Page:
Map - courtesy of Newcastle City Council.
16km of Fernleigh Track is complete!
2006 - 2007 News
2004 - 2005 News
Work should start this month on Stage 3 of the Fernleigh Track from Whitebridge to Redhead. The winning tenderer, Site Worx Civil Contracting, had the lowest price bid of the 4 local contractors who tendered. The construction, valued finally at around $2.7m is expected to be finished this year and, depending on weather, may be finished as soon as October 2009.
Lake Macquarie Council also intends applying for $2m funding under the recently announced Federal Jobs Fund. The aim is to gain sufficient funding from this source, Coastal Cycleway, RTA along with Council commitments to allow the final stages to Belmont to be completed. The total funding needed is in the order of $4m. LMCC is confident of meeting the late May deadline for submissions and NCM will be providing a letter of support for the application.
to Aug 2007: Stage
3 . . . and beyond
The last 12
months has seen Lake Macquarie Council progressing work on Stage 3 of
Fernleigh. Design work for the full Stage has been completed. Funding
is in place for the first part of this. Stage 3a will extend the track
from Whitebridge to Oakdale Road at a cost of around $1.2m. The second
part, Stage 3b, will go from Oakdale Road to Cowlishaw Street Redhead.
It is hoped that Stage 3 will be completed in 2008.
2007 saw the first special public event held on the Track. The inaugural Fernleigh Track Challenge saw the track closed for part of the day while a competition for small electric vehicles took place. The Fernleigh Track Challenge showcased a number of home-built and commercially available vehicles with the aim of having fun with and learning about small powered personal transportation. The event was run under the auspices of Rotary Charlestown and it is hoped to run a second competition in 2008.
Thanks to Ian Broadfoot
Progress has not been without its hiccups
The maintenance agreement between the two councils has still not been signed. Of more significance than this, however, was a near impasse on funding for the track. Fernleigh Track Management Committee had decided to build the next stage from Belmont to Jewells. Many NCC councillors were unwilling to accept this position.
NCM had spoken with Lord Mayor Greg Piper and held a meeting with Lord Mayor John Tate. We sought to encourage both councils to reach agreement so that the track could progress. This now appears to have been resolved. John Jenkins invited both Lord Mayors Greg Piper and John Tate to attend the August meeting of the Committee. The meeting again canvassed the pros and cons of building Whitebridge to Redhead next vs. Belmont to Jewells. A new vote was taken when it became clear that NCC were unlikely to accept the original agreement. A significant majority voted for the Whitebridge to Redhead option.
NCC will now seek to have funding included in their quarterly budget review. LMCC has already committed $200,000 plus in next financial year. This decision has been made public and seems likely to result in funding being made available from both councils this year.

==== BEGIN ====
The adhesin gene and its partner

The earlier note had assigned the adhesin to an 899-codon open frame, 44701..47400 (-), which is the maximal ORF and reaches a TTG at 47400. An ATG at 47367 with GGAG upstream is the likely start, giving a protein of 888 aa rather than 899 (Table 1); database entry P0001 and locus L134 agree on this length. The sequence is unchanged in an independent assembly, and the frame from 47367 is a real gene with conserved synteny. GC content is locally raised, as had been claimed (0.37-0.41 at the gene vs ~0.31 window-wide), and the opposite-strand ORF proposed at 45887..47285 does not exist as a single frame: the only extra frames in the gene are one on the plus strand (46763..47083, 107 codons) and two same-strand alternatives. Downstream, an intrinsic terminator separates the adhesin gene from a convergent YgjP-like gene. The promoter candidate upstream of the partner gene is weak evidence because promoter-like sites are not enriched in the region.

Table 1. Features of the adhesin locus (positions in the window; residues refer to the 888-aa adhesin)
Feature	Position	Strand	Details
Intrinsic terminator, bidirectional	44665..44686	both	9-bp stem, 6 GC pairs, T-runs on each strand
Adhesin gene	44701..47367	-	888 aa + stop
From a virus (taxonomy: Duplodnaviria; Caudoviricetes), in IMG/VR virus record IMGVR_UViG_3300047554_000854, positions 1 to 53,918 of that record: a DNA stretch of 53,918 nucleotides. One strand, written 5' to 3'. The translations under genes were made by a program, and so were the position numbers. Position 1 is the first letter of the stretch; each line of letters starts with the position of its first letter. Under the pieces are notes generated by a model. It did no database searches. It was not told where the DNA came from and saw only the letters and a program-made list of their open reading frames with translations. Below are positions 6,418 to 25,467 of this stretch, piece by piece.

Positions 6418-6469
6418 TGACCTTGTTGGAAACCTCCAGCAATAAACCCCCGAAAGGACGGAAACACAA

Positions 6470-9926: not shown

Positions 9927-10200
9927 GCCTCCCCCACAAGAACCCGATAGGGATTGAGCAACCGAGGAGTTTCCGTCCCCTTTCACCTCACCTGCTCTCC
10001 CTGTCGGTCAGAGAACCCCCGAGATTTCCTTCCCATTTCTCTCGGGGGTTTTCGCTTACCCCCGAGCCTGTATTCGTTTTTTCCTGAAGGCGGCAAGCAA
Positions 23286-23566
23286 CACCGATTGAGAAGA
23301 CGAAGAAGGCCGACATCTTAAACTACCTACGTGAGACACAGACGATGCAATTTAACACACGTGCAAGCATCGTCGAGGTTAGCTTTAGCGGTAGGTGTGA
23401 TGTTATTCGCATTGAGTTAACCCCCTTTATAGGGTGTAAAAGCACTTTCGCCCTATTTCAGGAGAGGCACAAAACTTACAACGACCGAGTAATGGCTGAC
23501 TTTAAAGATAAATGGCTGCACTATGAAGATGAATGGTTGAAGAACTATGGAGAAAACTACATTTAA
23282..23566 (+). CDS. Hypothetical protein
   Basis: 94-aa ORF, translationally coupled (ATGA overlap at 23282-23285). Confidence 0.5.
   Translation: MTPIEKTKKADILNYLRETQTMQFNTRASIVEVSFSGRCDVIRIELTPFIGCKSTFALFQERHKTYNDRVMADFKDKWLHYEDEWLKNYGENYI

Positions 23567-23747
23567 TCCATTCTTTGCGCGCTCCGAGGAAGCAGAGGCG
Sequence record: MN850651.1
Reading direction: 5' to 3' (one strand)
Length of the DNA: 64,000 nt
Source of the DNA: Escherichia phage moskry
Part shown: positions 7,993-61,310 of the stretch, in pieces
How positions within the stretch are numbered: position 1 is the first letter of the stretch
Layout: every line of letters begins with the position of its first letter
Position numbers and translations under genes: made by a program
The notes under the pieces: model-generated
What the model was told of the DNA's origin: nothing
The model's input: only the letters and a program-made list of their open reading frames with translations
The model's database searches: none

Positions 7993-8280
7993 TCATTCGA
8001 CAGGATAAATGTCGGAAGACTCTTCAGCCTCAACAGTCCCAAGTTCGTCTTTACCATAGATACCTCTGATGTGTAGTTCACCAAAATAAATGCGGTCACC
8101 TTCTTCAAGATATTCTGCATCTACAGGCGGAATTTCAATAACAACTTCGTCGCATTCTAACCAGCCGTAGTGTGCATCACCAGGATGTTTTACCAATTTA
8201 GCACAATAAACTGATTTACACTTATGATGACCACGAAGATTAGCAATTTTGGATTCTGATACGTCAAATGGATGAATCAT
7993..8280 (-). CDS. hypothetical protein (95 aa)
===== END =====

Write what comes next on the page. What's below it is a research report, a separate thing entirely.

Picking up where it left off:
There is still a big question mark as to whether equivalent state funding will be available, given a major cut in the Cycleway budget at State level this year. DIPNR could also be approached as a possible source of funds. Stage 3 will, therefore, require at least two financial years to complete.
The next year's challenge will be to secure funding from State Government, and to ensure an ongoing budget allocation locally. The Committee has discussed the need to keep the track in a positive public light in both council areas. It could be helpful for NCM to lobby State and local ALP members to adopt a consistent and unified approach to cycleway funding with Fernleigh as our No1 priority.
At the current rate of progress there is a need for approximately 4 or 5 million dollars to build the remaining track. Depending on State Dollar-for-dollar funding, we would be looking at completion any time between 2010 and 2015.
I took these plans along to the last NCM meeting and will bring them next time too for anyone who wants to check them out. I have let the Committee know that I believe the plans are in line with the original management plan for the track and could be used as a base for final design without the need for any further inspection / delay by the committee.
Track (Stage 1) wins a Keep Australia Beautiful
The tunnel under the Pacific Highway was opened to public use on Christmas Eve 2002. A great present for the people of Newcastle and Lake Macquarie. The finishing touches were completed during January 2003 and the official opening was on Sunday 2nd February 2003. The opening was a great community event, showing the popularity of the track to people on bikes and foot of all ages. The NSW Government, Newcastle City Council, Lake Macquarie Council and the Fernleigh Track Committee should be congratulated on the completion of this first stage. The quality and width of the track as well as the use of appropriate signage and track centre-line marking make this the model for all other cycleways and shared pathways to follow.Where to From Burwood Road?